This week is the last installment of covers from the second series of Anarchy magazine from London, which ran for 38 issues from 1971 to 1985 (see the previous entries HERE). As we have seen, that fifteen year stretch was a bumpy road, with dozens of different editorial members, directions, designers, and cover artists. This week we'll look at the last six issues. To the right is the cover of #32, a great follow-up to the cover of #30 which captured the explosiveness of the Brixton Riots. Here we have the response—repression by the police. The shadows and craggly lines give the face a deeply sinister look, this is not your friend. And once again the designers employ visual tropes which will later become extremely popular among anarcho-punk bands. A different version of this same idea found itself on the cover of Doom's 1989 single, "Police Bastard."
And the back cover is a reprinting of the brilliant "We Want to Riot Not to Work" flyer produced by the London Workers Group during the riots. It's a great piece of propaganda, and really seems to capture the spirit of the time, or at least the spirit anarchist and antiauthoritarians were feeling and wanting to promote. It also echoes the cover slogan of issue 21, "The Right to Work or the Fight to Live."
Issue 33 is a full comic cover (similar to issue 31, but even less graphic than that one). This is one of the issues we don't physically have at Interference Archive, so this is a scan from Phil Ruff, and not large enough to really read the content. Sorry about that.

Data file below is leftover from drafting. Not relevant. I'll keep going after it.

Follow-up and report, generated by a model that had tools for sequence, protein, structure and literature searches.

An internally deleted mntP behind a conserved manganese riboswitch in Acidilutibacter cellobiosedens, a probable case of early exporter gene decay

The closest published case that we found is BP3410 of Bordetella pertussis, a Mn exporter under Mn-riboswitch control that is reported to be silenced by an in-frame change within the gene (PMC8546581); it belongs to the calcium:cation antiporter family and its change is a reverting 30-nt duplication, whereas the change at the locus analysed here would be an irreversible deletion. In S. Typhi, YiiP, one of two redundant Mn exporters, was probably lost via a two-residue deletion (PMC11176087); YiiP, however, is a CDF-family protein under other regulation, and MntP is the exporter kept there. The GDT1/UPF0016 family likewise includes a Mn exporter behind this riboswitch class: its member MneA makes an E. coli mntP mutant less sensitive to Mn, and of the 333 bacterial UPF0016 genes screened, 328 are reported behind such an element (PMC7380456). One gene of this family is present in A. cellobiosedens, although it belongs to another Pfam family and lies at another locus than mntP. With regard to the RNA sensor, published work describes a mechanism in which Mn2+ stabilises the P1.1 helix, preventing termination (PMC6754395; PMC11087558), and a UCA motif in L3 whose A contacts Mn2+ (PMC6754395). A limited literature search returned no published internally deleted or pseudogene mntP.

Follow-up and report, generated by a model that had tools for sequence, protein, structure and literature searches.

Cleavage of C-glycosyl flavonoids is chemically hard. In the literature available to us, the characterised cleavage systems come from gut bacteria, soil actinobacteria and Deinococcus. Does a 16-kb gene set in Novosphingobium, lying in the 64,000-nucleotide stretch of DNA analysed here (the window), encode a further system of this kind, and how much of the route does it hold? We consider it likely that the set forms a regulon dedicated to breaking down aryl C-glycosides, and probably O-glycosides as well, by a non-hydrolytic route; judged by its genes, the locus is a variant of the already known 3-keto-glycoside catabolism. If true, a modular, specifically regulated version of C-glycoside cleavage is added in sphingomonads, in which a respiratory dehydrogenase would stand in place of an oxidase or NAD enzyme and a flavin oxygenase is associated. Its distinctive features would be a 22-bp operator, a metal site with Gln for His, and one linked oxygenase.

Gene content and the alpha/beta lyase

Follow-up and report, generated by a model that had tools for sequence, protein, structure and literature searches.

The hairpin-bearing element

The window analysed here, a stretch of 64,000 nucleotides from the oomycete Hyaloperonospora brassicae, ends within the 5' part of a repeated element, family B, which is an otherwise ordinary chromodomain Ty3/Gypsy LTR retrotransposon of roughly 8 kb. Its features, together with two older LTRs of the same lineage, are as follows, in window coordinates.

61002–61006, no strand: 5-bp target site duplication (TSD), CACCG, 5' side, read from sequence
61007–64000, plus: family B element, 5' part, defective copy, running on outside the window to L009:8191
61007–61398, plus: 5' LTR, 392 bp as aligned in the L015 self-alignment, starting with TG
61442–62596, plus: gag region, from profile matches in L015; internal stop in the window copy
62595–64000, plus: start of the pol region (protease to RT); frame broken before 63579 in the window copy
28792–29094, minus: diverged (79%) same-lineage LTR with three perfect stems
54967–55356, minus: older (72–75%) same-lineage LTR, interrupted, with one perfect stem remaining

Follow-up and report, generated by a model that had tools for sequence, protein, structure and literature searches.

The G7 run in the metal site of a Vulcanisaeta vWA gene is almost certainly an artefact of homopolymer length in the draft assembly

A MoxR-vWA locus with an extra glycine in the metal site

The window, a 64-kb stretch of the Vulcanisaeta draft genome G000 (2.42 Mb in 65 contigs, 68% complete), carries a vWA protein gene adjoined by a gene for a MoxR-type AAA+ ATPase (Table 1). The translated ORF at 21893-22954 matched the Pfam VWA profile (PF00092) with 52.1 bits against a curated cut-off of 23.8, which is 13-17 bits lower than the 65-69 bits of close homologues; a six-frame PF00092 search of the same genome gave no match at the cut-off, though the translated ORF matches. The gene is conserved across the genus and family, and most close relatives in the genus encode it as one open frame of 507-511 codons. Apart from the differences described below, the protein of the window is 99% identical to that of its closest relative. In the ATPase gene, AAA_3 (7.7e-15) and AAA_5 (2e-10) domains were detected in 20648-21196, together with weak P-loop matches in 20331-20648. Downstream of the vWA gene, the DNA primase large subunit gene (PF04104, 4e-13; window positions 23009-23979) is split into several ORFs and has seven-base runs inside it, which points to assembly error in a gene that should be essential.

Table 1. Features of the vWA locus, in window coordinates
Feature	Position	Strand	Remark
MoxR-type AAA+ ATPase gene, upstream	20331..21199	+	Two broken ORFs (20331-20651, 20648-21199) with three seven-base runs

This next issue actually illustrates the growing intersection of the punk scene and the anarchist movement by focusing on the conflicts between two anarcho-punk bands, Crass and the Poison Girls. The cover borrows heavily from the Crass Records and general UK punk aesthetics, but as we've already seen, the opposite is also true. Both front and back covers read like they could be covers for punk fanzines, back in the early 80s, or even today. It also seems only appropriate that this issue focuses on the schisms between elements in the punk scene because it is the last issue put together by the broad Anarchy magazine editorial collective, which collapsed with this number. The publication was passed into the hands of Phil Ruff, who kept it going for the final four issues.